Russia cuts World Cup spending amid economic crisis

Russia orders 560 million dollar cut in spending on 2018 World Cup amid economic crisis, saying construction of stadiums would not be affected

Photo by: Reuters
Photo by: Reuters

Updated Jul 28, 2015

The Russian government ordered $560 million (30 billion roubles) in cuts in spending on the 2018 World Cup on Monday but said the construction of stadiums would not be affected.

Russia has been forced to trim spending because of economic problems worsened by the collapse of global oil prices and economic sanctions imposed on Moscow over its role in the crisis in Ukraine.

A government decree said spending on the tournament would now be limited to $11.8 billion and Sports Minister Vitaly Mutko said most of the cuts would be in the number of hotels built.

"Of course it's a question of optimising the preparations. We're primarily taking out the excess hotels," he was quoted as saying by R-Sport, which is part of RIA news agency.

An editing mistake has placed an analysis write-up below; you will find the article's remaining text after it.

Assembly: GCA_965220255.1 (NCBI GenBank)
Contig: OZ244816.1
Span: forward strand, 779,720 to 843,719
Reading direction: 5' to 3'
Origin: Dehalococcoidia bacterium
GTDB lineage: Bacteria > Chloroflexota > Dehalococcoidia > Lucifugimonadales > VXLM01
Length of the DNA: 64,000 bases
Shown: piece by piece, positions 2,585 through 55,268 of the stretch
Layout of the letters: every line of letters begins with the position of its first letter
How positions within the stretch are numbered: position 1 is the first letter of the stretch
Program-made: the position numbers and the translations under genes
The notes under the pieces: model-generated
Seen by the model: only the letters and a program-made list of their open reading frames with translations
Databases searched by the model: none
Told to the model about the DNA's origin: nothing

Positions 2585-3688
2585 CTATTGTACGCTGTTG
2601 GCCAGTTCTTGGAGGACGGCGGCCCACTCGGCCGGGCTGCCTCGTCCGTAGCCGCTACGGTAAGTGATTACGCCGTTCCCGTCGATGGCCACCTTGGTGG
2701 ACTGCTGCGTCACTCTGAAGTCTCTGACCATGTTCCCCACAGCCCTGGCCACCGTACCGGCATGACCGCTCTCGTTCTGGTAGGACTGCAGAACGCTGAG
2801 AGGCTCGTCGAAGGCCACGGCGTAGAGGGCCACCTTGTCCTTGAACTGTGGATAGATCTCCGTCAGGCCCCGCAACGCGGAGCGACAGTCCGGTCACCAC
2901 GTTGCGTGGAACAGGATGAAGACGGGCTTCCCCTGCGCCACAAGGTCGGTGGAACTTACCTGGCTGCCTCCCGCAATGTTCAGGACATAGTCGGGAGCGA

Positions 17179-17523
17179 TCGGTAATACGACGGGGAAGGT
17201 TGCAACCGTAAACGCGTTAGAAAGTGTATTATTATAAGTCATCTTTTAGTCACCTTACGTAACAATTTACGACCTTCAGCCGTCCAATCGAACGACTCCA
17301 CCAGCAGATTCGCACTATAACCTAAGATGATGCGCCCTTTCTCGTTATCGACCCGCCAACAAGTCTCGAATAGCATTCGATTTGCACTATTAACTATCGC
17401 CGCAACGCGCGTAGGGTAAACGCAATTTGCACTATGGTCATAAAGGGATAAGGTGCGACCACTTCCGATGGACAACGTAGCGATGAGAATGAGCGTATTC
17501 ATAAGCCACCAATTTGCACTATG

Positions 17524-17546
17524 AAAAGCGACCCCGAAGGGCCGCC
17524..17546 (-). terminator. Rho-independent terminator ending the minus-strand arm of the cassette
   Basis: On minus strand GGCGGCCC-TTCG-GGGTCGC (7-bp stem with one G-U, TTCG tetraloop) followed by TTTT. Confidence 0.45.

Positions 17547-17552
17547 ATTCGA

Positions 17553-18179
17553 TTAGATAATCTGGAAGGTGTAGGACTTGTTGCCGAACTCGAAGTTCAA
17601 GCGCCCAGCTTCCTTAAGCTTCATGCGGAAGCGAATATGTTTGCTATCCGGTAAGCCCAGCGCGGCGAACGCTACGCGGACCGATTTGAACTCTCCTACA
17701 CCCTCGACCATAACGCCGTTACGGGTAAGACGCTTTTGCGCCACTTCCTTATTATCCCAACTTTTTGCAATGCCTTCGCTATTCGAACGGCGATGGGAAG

Dmitry Efimov, a representative in Russia for soccer's governing body FIFA, later told R-Sport: "This is a reflection of the difficult economic situation but this should not have a negative effect on the event itself."

President Vladimir Putin says he is confident Russia will host the finals despite investigations into alleged corruption at FIFA and how Russia was awarded the 2018 finals.

"We won in a free fight and we are going to host the World Cup," he told Reuters and other international news agencies in the city of St Petersburg on Saturday.

Meanwhile, Billionaire Alisher Usmanov has given the Russian Football Union (RFS)$5.56 million to pay salary arrears owed to the coach of the national team, Fabio Capello.

Italian Capello took over as head coach in July 2012 before having his contract extended until the end of the 2018 World Cup, which Russia will host.

"As a member of the Russia 2018 Local Organizing Committee Supervisory Board, Usmanov decided to give financial help to the RFS to the tune of 300 million roubles," Usmanov's press service told the R-Sport news agency.

"Ahead of the 2018 World Cup, the question regarding the head coach is of great importance for the national football team."

The RFS was not immediately available to confirm the payment.

Usmanov, who according to Forbes magazine is Russia's richest man with an estimated fortune of $14.7 billion, earlier this year loaned the RFS$7.41 million on favourable terms to help pay Capello.

Russia were beaten 1-0 at home by Austria in their Euro 2016 qualifier earlier this month and are third in Group G with eight points after six matches.